From the Ottawa Citizen 15 August 1984|
CHESTERVILLE Local rail traffic is being re-routed through Ottawa today while CPR workers clear away wreckage following a spectacular 25-car derailment in Chester -ville early yesterday morning.
Train No. 482, on a Vancouver to Montreal run, uncoupled 30 cars from the caboose at 2:20am as it entered the west end of the village. The 60-ton cars slammed into each other, sending up a shower of sparks 50 feet high.
The five-man crew on the freight train, which was carrying lumber and flour, were uninjured.
Stan Harris, superintendent for CP's Smiths Falls rail division, said yesterday that the derailment, just across from the arena, is under investigation and that the cause of the accident and the amount of damage have not been determined.
While onlookers gatnered around the wreckage, which in one section looked like a broken accordian as six cars leaned up and over each other, a 20-man maintenance crew was joined by 40 workers from CPU's specialized wrecking crew to pull the cars from the tracks.
As the wreckage was lifted away, trucks backed up to pick up the strewn cargo.
The lines - both eastbound and westbound fines were blocked by the wreckage - were expected to be cleared today. Railway ties were scored and broken for more than a mile.
"I heard the train coming down the tracks, that noise you're used to, and then all of a sudden it didn't sound right," said Paul Monast, the first resident at the scene. "I jumped up and looked out and saw a pile going up and sparks going up in the air."
Monast, whose home is just across a field from the derailment site, met the crew coming up the track with flashlights.
When he saw the wreckage, he said, he couldn't believe it.
"You're so damned surprised, you don't know what to say or to do. You're kind of shocked."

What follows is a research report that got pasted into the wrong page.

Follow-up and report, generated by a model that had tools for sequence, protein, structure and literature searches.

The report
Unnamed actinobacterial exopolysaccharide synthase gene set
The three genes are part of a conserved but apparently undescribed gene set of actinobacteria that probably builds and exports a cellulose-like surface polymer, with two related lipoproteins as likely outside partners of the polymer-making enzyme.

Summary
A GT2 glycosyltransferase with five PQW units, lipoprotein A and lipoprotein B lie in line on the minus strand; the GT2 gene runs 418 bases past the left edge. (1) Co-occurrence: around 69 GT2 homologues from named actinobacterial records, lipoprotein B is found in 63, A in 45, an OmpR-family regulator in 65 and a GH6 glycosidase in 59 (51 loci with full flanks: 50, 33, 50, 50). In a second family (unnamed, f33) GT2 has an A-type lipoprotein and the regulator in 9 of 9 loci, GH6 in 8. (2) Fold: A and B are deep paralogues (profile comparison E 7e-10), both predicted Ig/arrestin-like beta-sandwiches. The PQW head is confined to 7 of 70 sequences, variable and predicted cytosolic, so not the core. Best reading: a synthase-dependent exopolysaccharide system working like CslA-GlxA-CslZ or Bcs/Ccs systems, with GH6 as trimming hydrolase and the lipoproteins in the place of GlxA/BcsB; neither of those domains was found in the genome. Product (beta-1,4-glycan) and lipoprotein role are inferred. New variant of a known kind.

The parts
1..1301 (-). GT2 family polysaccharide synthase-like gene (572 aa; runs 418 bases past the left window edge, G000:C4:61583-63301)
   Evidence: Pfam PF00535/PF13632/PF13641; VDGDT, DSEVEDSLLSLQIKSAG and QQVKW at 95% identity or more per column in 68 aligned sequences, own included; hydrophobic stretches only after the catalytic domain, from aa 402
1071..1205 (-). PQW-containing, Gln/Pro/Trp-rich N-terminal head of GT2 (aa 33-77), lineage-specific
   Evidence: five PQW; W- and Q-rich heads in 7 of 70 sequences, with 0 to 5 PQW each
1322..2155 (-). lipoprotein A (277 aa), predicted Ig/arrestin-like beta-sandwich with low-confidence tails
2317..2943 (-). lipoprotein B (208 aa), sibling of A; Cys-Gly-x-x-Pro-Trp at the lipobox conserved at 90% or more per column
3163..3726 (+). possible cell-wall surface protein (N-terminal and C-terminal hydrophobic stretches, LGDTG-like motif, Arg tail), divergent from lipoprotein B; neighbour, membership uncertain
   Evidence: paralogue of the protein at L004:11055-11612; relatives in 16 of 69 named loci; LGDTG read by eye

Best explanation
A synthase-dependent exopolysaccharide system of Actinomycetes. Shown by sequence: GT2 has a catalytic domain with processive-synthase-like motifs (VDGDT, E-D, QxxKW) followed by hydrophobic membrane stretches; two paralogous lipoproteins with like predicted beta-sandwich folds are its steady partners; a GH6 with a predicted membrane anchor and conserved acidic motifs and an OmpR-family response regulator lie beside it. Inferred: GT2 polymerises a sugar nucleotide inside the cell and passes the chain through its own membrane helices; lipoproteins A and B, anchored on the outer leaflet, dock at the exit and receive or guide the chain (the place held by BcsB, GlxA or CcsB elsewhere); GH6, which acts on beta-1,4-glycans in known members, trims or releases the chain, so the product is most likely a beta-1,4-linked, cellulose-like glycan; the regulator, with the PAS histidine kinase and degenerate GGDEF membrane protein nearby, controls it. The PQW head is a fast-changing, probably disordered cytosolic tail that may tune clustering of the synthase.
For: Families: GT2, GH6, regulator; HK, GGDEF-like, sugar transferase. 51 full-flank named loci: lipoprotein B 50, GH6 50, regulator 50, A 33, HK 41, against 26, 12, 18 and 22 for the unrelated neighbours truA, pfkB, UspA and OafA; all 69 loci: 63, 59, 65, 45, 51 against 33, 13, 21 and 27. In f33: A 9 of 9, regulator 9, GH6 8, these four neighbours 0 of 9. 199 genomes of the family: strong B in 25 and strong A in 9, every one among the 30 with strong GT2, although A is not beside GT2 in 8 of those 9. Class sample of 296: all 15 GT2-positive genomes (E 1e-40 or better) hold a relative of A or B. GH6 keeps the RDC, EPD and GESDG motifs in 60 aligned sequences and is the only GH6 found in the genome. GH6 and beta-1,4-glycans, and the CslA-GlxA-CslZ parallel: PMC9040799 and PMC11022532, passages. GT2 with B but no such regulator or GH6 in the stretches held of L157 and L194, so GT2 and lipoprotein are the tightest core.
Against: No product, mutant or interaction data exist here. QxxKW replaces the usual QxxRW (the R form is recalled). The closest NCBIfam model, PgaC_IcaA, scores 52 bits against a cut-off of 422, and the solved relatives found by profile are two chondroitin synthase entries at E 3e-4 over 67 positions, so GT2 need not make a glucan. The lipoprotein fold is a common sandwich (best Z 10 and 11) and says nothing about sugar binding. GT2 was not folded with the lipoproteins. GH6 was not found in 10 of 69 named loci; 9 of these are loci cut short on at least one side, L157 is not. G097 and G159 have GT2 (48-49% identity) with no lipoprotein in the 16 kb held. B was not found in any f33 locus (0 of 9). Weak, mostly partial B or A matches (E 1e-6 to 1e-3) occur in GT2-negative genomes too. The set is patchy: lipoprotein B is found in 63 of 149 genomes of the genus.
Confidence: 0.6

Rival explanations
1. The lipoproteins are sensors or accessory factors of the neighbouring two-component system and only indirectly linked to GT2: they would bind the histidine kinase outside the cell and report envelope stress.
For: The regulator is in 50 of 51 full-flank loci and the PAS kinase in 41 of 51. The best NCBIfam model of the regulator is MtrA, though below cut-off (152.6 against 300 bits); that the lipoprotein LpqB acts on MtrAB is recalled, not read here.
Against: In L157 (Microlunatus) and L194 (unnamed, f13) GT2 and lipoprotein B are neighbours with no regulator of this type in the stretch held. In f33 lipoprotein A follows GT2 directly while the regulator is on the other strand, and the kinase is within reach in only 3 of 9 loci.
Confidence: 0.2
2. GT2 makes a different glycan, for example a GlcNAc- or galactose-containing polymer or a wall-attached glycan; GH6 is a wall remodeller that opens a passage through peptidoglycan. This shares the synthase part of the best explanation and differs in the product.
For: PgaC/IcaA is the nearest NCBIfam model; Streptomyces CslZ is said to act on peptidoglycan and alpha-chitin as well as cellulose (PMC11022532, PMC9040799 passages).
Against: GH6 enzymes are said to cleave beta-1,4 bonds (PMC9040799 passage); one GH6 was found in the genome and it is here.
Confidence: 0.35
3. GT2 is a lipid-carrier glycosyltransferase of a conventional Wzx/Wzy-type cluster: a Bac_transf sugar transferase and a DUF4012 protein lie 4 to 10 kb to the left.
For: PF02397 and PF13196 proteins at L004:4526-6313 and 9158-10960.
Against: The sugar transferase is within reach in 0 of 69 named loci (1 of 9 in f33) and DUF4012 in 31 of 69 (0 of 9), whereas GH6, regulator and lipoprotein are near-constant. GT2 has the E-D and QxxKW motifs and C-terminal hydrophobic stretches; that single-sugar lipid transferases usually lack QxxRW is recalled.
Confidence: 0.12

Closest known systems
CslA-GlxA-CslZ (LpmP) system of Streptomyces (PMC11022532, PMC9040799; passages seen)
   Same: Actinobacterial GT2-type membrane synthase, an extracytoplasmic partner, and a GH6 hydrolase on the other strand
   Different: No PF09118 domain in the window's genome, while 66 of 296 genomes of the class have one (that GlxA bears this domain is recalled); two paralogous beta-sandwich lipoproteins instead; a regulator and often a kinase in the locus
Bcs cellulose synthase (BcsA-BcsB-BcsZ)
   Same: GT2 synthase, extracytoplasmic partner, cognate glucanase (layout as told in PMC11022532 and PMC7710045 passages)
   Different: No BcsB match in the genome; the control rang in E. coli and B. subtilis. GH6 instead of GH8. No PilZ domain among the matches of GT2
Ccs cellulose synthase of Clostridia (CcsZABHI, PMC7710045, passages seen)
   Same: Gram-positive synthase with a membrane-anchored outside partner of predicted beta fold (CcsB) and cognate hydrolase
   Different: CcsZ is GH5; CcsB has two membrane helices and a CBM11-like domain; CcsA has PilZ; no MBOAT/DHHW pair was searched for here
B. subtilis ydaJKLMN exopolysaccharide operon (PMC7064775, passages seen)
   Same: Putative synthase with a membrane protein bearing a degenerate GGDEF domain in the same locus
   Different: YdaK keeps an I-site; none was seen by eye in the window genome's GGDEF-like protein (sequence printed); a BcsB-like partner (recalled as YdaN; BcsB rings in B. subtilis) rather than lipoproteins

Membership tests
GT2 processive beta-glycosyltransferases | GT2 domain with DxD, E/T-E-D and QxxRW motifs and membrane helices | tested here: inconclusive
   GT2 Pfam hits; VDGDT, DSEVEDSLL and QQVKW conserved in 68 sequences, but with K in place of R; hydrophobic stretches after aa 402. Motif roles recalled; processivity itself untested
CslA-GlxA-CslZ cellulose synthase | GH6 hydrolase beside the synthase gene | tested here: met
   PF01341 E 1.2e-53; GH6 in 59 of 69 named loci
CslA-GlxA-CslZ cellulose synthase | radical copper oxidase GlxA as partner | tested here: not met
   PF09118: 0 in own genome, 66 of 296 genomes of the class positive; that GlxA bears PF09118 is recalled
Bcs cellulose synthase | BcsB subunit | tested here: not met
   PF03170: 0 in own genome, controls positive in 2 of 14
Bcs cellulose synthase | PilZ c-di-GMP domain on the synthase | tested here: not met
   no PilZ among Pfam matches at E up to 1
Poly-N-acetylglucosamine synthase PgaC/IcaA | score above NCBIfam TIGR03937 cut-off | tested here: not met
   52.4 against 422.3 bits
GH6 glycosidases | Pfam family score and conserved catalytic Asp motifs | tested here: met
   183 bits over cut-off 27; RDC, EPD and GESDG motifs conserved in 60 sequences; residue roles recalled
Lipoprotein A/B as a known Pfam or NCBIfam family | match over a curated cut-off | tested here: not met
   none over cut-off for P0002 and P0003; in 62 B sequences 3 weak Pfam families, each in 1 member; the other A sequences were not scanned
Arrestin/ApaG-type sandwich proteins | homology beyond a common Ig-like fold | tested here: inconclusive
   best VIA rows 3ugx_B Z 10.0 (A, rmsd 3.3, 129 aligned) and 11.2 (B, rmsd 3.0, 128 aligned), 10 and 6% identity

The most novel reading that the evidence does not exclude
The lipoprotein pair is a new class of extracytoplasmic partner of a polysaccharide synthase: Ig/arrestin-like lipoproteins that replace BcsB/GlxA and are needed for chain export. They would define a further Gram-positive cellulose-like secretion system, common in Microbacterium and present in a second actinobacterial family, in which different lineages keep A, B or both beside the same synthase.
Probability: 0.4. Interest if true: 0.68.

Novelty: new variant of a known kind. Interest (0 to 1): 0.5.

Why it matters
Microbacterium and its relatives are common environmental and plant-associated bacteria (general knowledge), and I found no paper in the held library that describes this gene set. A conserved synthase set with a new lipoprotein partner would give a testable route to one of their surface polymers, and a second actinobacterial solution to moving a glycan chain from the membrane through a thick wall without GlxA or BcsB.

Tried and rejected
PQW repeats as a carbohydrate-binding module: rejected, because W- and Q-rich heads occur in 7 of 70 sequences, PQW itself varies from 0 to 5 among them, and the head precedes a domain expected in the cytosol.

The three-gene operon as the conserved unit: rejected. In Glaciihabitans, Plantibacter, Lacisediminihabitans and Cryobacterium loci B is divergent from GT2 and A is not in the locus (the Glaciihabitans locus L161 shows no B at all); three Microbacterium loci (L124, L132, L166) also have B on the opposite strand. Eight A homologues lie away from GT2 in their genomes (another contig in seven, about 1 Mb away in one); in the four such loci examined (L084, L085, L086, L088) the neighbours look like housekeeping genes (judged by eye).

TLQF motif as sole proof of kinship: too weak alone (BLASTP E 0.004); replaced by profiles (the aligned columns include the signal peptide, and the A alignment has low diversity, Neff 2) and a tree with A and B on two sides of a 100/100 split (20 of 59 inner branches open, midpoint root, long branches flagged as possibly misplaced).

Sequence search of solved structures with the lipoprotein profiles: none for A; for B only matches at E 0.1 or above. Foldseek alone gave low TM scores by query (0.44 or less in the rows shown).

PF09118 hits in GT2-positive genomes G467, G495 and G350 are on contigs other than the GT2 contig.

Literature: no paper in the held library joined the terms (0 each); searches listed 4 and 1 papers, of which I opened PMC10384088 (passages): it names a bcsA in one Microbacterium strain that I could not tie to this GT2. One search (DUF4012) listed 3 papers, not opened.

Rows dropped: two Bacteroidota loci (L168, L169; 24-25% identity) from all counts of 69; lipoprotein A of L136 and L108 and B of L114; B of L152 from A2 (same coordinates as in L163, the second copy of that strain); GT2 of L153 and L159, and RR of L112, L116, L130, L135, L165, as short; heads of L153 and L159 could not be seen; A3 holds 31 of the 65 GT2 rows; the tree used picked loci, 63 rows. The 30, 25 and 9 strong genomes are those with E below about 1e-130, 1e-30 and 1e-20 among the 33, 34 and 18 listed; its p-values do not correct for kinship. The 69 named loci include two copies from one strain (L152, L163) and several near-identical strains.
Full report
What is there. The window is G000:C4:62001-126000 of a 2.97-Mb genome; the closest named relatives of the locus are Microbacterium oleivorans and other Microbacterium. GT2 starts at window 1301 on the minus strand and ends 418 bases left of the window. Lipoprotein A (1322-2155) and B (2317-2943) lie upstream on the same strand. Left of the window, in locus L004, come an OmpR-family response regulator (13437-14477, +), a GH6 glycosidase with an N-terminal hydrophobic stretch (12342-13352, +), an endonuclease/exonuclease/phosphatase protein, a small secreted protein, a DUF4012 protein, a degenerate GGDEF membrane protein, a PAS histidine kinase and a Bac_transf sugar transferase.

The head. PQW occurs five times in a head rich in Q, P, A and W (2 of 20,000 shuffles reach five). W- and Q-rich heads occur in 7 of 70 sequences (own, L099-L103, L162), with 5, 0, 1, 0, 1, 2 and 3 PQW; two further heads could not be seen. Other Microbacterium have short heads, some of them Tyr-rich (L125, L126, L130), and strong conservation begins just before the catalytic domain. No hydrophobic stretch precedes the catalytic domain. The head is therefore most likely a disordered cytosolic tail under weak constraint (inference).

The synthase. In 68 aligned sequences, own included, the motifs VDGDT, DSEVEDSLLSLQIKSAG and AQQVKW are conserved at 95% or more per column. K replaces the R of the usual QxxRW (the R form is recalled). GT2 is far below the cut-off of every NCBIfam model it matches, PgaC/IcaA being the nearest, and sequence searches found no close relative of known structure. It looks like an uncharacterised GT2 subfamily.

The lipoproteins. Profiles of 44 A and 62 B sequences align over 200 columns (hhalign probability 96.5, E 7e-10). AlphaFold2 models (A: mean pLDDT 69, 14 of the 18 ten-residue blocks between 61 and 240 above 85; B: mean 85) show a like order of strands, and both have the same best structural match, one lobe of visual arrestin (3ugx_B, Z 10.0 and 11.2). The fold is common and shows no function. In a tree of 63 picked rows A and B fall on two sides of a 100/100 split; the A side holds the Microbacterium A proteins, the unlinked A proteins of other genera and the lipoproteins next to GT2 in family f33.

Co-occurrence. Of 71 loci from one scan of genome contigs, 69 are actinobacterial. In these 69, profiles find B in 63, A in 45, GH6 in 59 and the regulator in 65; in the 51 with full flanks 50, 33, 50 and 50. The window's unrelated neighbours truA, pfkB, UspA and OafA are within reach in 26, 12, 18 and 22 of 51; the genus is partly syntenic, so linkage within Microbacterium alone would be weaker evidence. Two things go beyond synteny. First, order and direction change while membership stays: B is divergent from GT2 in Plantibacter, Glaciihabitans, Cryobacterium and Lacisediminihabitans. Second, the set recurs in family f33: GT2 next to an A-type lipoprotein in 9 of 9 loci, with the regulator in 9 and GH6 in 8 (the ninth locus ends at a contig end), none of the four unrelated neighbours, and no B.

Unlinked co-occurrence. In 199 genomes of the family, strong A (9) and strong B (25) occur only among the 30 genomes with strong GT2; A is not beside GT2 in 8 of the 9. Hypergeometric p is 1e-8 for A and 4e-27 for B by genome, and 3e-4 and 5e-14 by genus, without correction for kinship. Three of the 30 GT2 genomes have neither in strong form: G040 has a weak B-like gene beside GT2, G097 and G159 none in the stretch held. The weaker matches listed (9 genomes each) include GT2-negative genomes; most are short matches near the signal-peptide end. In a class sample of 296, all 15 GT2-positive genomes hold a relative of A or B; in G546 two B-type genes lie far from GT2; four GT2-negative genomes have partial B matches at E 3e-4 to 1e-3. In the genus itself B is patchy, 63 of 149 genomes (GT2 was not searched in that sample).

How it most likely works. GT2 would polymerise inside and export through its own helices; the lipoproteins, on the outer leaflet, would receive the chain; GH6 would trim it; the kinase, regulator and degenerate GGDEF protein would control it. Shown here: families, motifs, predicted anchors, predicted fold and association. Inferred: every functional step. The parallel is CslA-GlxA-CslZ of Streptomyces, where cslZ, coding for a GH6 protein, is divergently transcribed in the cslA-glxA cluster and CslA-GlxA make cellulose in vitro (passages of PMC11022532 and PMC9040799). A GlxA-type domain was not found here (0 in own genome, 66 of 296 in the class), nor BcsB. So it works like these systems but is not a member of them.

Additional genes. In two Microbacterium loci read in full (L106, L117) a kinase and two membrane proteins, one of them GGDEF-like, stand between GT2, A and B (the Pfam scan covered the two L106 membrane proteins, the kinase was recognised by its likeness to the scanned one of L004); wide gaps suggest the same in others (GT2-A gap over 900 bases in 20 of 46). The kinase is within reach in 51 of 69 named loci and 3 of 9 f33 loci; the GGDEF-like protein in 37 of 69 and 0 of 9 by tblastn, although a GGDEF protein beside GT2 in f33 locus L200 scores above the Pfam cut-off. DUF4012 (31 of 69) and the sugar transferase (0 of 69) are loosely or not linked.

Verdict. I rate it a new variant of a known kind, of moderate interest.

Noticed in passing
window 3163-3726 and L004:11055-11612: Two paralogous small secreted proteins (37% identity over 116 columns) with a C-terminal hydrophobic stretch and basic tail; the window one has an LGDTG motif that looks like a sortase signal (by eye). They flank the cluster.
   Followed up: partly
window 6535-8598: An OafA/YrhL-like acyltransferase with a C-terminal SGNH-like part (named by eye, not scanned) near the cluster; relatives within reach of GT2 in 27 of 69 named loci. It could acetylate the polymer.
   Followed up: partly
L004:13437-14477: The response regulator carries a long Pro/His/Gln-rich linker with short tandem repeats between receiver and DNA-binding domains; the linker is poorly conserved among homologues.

John Van Bruinessen, Monast's neighbor, was also jolted out of bed by the crash.
"I knew something had happened," he said. "There was a big crash and a rumble and roar. We (he and Monast) took the truck down and when we saw a coupler on the ground I knew that it had separated.''
Both men helped workmen pinpoint the worst areas of 'amage, including the Carl Smith crossing where the ties had been ripped out.
For other residents living along the tracks, seeing the wreckage answered the question of what they had heard during the night but had not given any more thought to.
"I was thinking the train was really, really loud last night," said Pauline White. "But I looked out the window and saw nothing and went back to bed. Then I got up at 8am and saw this.
"When I moved to a small town I thought I wouldn't have this kind of excitement."
Bob Delorme was taking a nap in his truck at Nutrite Fertilizer before starting his early morning shift when he heard "something like an earthquake".
"It sounded like a bunch' of tin- crumpling up and it went on for about five minutes," he said. "But I didn't pay much attention."
"I've been living here 38 years and I've never seen anything like this," said Harold Armstrong. ."When I heard the noise last night I thought it was a truck going over the crossing."
"It's a hell of a mess," said CP truck driver Garnet Sands of Smiths Falls. "I've seen a lot of pictures of derailments but I wasn't expecting anything quite like this."